'Recherches, 1º, sur l'Intégration des Équations Différentielles aux Différences Finies, et sur leur Usage dans la Théorie des Hasards' (1773, published 1776). In Oeuvres complètes de Laplace, 14 Vols. (1843-1912), Vol. 8, 144-5, trans. Charles Coulston Gillispie, Pierre-Simon Laplace 1749-1827: A Life in Exact Science (1997), 26.
Science quotes on:  |  Analysis (123)  |  Astronomy (175)  |  Calculation (67)  |  Celestial (15)  |  Certainty (97)  |  Chance (122)  |  Complexity (80)  |  Difference (208)  |  Distance (54)  |  Event (97)  |  Honour (23)  |  Human Mind (51)  |  Ignorance (190)  |  Impossibility (50)  |  Instrument (73)  |  Intelligence (138)  |  Knowledge (1128)  |  Law (418)  |  Mass (61)  |  Mathematician (177)  |  Motion (127)  |  Nature (1029)  |  Observation (418)  |  Phenomenon (218)  |  Position (54)  |  Prediction (67)  |  Probability (83)  |  Relation (96)  |  Simplicity (126)  |  Theory (582)  |  Time (439)  |  Uncertainty (37)  |  Universe (563)  |  Velocity (14)  |  Weakness (31)

The recurrence of a phenomenon like Edison is not very likely. The profound change of conditions and the ever increasing necessity of theoretical training would seem to make it impossible. He will occupy a unique and exalted position in the history of his native land, which might well be proud of his great genius and undying achievements in the interest of humanity.
As quoted in 'Tesla Says Edison Was an Empiricist', The New York Times (19 Oct 1931), 25. In 1884, Tesla had moved to America to assist Edison in the designing of motors and generators.
Science quotes on:  |  Achievement (128)  |  Change (291)  |  Condition (119)  |  Thomas Edison (74)  |  Exalted (8)  |  Genius (186)  |  History (302)  |  Humanity (104)  |  Impossible (68)  |  Interest (170)  |  Native Land (3)  |  Necessity (125)  |  Occupy (18)  |  Phenomenon (218)  |  Position (54)  |  Pride (45)  |  Profound (46)  |  Recurrence (3)  |  Theory (582)  |  Training (39)  |  Unique (24)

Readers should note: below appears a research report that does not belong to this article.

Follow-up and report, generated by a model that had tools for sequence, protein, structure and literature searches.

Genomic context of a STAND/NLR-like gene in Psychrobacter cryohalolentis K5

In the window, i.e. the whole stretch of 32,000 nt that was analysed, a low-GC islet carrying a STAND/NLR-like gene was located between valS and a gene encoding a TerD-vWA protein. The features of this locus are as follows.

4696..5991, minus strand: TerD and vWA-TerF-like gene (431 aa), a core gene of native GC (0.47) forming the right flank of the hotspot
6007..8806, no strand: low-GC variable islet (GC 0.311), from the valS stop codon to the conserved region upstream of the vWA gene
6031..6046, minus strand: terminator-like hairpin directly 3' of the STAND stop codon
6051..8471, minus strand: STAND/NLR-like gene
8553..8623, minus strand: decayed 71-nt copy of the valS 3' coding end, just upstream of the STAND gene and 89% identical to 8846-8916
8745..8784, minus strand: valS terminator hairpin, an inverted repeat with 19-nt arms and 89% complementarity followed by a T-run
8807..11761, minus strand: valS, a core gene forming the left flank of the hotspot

The strongest cause in the generation of diseases is the predisposition of the body which is likely to fall ill.
As quoted in Robert Taylor, White Coat Tales: Medicine's Heroes, Heritage, and Misadventures (2010), 125.
Science quotes on:  |  Body (193)  |  Cause (231)  |  Disease (257)  |  Generation (111)  |  Illness (22)  |  Predisposition (3)  |  Strongest (6)  |  Susceptibility (2)

[To a man expecting a scientific proof of the impossibility of flying saucers] I might have said to him: “Listen, I mean that from my knowledge of the world that I see around me, I think that it is much more likely that the reports of flying saucers are the results of the known irrational characteristics of terrestrial intelligence than of the unknown rational efforts of extra-terrestrial intelligence.” It is just more likely, that is all. It is a good guess. And we always try to guess the most likely explanation, keeping in the back of the mind the fact that if it does not work we must discuss the other possibilities.
In The Character of Physical Law (1965, 2001), 166.
Science quotes on:  |  Characteristic (66)  |  Discussion (37)  |  Effort (94)  |  Explanation (161)  |  Extraterrestrial (3)  |  Guess (36)  |  Impossibility (50)  |  Intelligence (138)  |  Irrational (7)  |  Knowledge (1128)  |  Possibility (96)  |  Proof (192)  |  Rational (42)  |  Report (31)  |  Result (250)  |  Terrestrial (14)  |  Thinking (222)  |  UFO (4)  |  Unknown (87)  |  World (667)


Carl Sagan Thumbnail In science it often happens that scientists say, 'You know that's a really good argument; my position is mistaken,' and then they would actually change their minds and you never hear that old view from them again. They really do it. It doesn't happen as often as it should, because scientists are human and change is sometimes painful. But it happens every day. I cannot recall the last time something like that happened in politics or religion. (1987) -- Carl Sagan
Quotations by: • Albert Einstein • Isaac Newton • Lord Kelvin • Charles Darwin • Srinivasa Ramanujan • Carl Sagan • Florence Nightingale • Thomas Edison • Aristotle • Marie Curie • Benjamin Franklin • Winston Churchill • Galileo Galilei • Sigmund Freud • Robert Bunsen • Louis Pasteur • Theodore Roosevelt • Abraham Lincoln • Ronald Reagan • Leonardo DaVinci • Michio Kaku • Karl Popper • Johann Goethe • Robert Oppenheimer • Charles Kettering  ... (more people)

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- 90 -
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- 80 -
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- 70 -
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- 40 -
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- 30 -
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- 20 -